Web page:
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Identifying the Best Buying & Selling Days & Months

Identifying the Best Buying & Selling Days & Months
April 20
16:13 2012

If you spend enough time conducting technical analysis of stocks, you might eventually wonder whether they follow any predictable patterns with regard to certain days of the week or months of the year. After all, many aspects of market activity follow consistent cycles: options contracts expire the same day each month, quarters end on the same four days every year, holidays fall at the same time, and so forth.

Even humans collectively behave similarly—you may have heard the advice to never buy a product manufactured on a Monday or a Friday (as if you can usually tell) because workers are either recovering from or anticipating the weekend. And Wall Street has its own pithy bits of wisdom, like the oft-heard “Sell in May and go away,” referring to the market’s normally lackluster performance during the summer months.

As it happens, analyzing the best days and months to buy or sell (based on whether a majority of stocks advance or decline) is not particularly difficult, though it can be labor intensive.

Here we’ll examine the 2000 to 2002 and 2007 to 2009 bear markets and the 2002 to 2007 and 2009 to 2010 bull markets.

The bottom line is that for both bull markets, Friday was the best day to buy and Wednesday was the best day to sell. For both bear markets, Thursday was the best day to sell. The best buying days were split but both fell early in the week: Monday in the 2007-09 market and Tuesday in the 2000-02 market.

Those are overall market figures, however. Drilling down into specific indices reveals slightly different patterns. In either type of market, the best days were as follows:

  • Dow Jones Industrial Average: Monday is the best buying day; Wednesday and Friday are the best selling days.
  • S&P 500: Monday is the best buying day; Wednesday and Friday are the best selling days.
  • Nasdaq: Monday is the best buying day; any day but Tuesday are good selling days.
  • Dow Utilities: Thursday is the best buying day; Monday and Friday are the best selling days.
  • Dow Transports: Thursday is the best buying day; Monday is the best selling day.

This performance begs the question of what’s wrong with Mondays that depresses stock prices; perhaps traders just aren’t ready to let go of the weekend. Why the Dow Utilities and Transports stand in opposition to the broader pattern is curious, however.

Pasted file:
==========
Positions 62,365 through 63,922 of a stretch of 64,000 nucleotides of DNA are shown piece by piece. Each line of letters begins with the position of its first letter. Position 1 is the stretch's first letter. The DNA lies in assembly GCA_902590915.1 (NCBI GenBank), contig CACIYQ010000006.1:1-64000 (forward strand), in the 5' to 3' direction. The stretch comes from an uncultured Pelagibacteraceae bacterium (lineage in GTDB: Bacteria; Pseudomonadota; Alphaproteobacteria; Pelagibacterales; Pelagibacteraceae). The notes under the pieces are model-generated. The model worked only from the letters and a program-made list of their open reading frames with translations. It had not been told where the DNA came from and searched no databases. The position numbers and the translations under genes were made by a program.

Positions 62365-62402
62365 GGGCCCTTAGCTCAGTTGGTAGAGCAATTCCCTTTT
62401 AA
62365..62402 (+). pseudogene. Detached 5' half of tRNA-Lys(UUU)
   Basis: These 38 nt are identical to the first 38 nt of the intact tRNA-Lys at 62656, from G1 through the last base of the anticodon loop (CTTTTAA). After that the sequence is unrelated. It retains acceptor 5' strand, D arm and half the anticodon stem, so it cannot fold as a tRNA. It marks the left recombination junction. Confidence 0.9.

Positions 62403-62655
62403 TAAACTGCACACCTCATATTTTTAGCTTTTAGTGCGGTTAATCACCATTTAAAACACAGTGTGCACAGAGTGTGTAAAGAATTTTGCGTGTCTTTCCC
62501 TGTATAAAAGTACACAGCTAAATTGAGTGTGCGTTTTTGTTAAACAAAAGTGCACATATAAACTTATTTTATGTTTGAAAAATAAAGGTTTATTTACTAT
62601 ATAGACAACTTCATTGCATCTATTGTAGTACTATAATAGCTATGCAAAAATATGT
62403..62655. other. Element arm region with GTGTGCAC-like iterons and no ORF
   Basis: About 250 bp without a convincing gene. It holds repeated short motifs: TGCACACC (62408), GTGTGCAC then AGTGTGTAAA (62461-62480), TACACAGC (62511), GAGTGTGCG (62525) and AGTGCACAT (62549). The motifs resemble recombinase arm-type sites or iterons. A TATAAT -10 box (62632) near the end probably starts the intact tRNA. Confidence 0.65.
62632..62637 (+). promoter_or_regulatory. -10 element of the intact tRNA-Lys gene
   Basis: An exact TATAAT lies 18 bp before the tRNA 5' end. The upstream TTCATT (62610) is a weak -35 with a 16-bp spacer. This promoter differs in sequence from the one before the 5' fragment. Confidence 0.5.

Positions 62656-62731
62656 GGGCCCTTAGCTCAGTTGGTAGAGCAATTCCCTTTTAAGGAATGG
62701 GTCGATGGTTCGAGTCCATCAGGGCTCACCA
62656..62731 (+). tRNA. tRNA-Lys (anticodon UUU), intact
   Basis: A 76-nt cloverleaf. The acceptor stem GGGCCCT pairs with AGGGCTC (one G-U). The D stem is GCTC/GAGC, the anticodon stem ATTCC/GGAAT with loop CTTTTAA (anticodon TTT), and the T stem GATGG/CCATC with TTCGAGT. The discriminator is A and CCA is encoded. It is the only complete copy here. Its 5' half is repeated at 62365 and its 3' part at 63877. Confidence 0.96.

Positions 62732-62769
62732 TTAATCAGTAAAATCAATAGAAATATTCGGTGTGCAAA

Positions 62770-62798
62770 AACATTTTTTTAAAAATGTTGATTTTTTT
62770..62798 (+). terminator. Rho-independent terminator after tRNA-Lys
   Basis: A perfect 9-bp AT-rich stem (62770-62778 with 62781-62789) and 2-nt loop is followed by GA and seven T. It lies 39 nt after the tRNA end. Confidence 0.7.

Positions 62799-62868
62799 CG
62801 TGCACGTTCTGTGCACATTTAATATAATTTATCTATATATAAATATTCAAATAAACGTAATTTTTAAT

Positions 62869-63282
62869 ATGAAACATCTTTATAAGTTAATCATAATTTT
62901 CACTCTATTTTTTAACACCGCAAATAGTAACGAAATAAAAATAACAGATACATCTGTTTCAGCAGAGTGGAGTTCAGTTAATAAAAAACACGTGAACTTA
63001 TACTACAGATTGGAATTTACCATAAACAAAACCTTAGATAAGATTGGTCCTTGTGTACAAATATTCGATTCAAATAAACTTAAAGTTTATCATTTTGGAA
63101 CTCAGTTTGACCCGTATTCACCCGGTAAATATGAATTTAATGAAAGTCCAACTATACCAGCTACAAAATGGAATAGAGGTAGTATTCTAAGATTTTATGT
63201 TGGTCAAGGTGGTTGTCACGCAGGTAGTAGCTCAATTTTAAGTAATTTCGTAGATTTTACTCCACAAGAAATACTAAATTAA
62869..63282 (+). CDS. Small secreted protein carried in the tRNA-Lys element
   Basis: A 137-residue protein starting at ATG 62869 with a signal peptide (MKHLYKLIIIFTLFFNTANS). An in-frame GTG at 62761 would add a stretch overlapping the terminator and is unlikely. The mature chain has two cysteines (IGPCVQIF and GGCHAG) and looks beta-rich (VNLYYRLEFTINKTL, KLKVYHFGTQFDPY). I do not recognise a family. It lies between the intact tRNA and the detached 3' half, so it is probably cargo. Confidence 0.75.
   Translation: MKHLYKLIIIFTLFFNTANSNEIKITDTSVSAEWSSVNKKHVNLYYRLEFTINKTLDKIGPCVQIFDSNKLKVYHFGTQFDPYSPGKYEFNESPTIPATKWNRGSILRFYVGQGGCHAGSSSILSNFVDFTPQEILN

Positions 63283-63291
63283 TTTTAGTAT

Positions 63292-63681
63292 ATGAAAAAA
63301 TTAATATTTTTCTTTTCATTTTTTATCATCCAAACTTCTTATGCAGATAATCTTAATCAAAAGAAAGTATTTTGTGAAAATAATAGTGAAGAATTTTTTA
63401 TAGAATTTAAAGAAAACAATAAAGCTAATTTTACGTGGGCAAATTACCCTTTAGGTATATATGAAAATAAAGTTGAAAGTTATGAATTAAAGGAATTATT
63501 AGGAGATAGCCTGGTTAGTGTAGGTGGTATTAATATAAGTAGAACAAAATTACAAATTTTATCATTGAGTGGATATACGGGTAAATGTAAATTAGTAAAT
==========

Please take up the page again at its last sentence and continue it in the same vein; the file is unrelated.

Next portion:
For months, the methodology looks at the number of up days for the month in each of the three major indices, presented on a percentage basis (that is, percent of up days).

For the DJIA (looking back to October 1, 1928), September is clearly the most dismal month, with only 39.5% up days. The next three worst months were June (50.6%), May, (53.1%), and February (54.9%). Only five months were above 60%: August (60.5%), November (61.0%), July (61.7%), January (64.6%), and the star performer December at 72.0%. (Perhaps there’s something to the “Santa Claus rally” after all.)

For the S&P 500 (looking back to January 3, 1950), September is still dismal, at 44.1% up days. The next three worst months were June (51.7%), July (53.3%), and February (52.5%). (A much broader index than the DJIA, the S&P 500 seems to better illustrate the “Sell in May and go away” adage, though since May has 58.3% up days compared to April’s 68.3%, better advice might be “Sell in April and go away,” to rebuy when prices are depressed in September.) January comes in at an even 60.0%, and the other four best performers are March (65.0%), November (66.7%), April as we just mentioned, and again December at a stellar 75.0%.

For the Nasdaq (looking back to February 5, 1971), September is not the dog—that dubious honor falls to both February and July, at 48.7% up days. The next three worst months are October (51.3%), September (53.8%), and August (56.4%). Again, five months have over 60% up days: May (61.5%); January, March, and April, all at 64.1%; and November (66.7%). December is not a top performer for this index, turning in a middling 59.0% performance.

We won’t attempt to puzzle out the meanings behind these trends, though we do recommend casual speculation as good cocktail party talk (but only for your friends with an interest in investing!). Nevertheless, the facts speak for themselves, and offer a good basis for guiding trades or even further research to look for tradable patterns.



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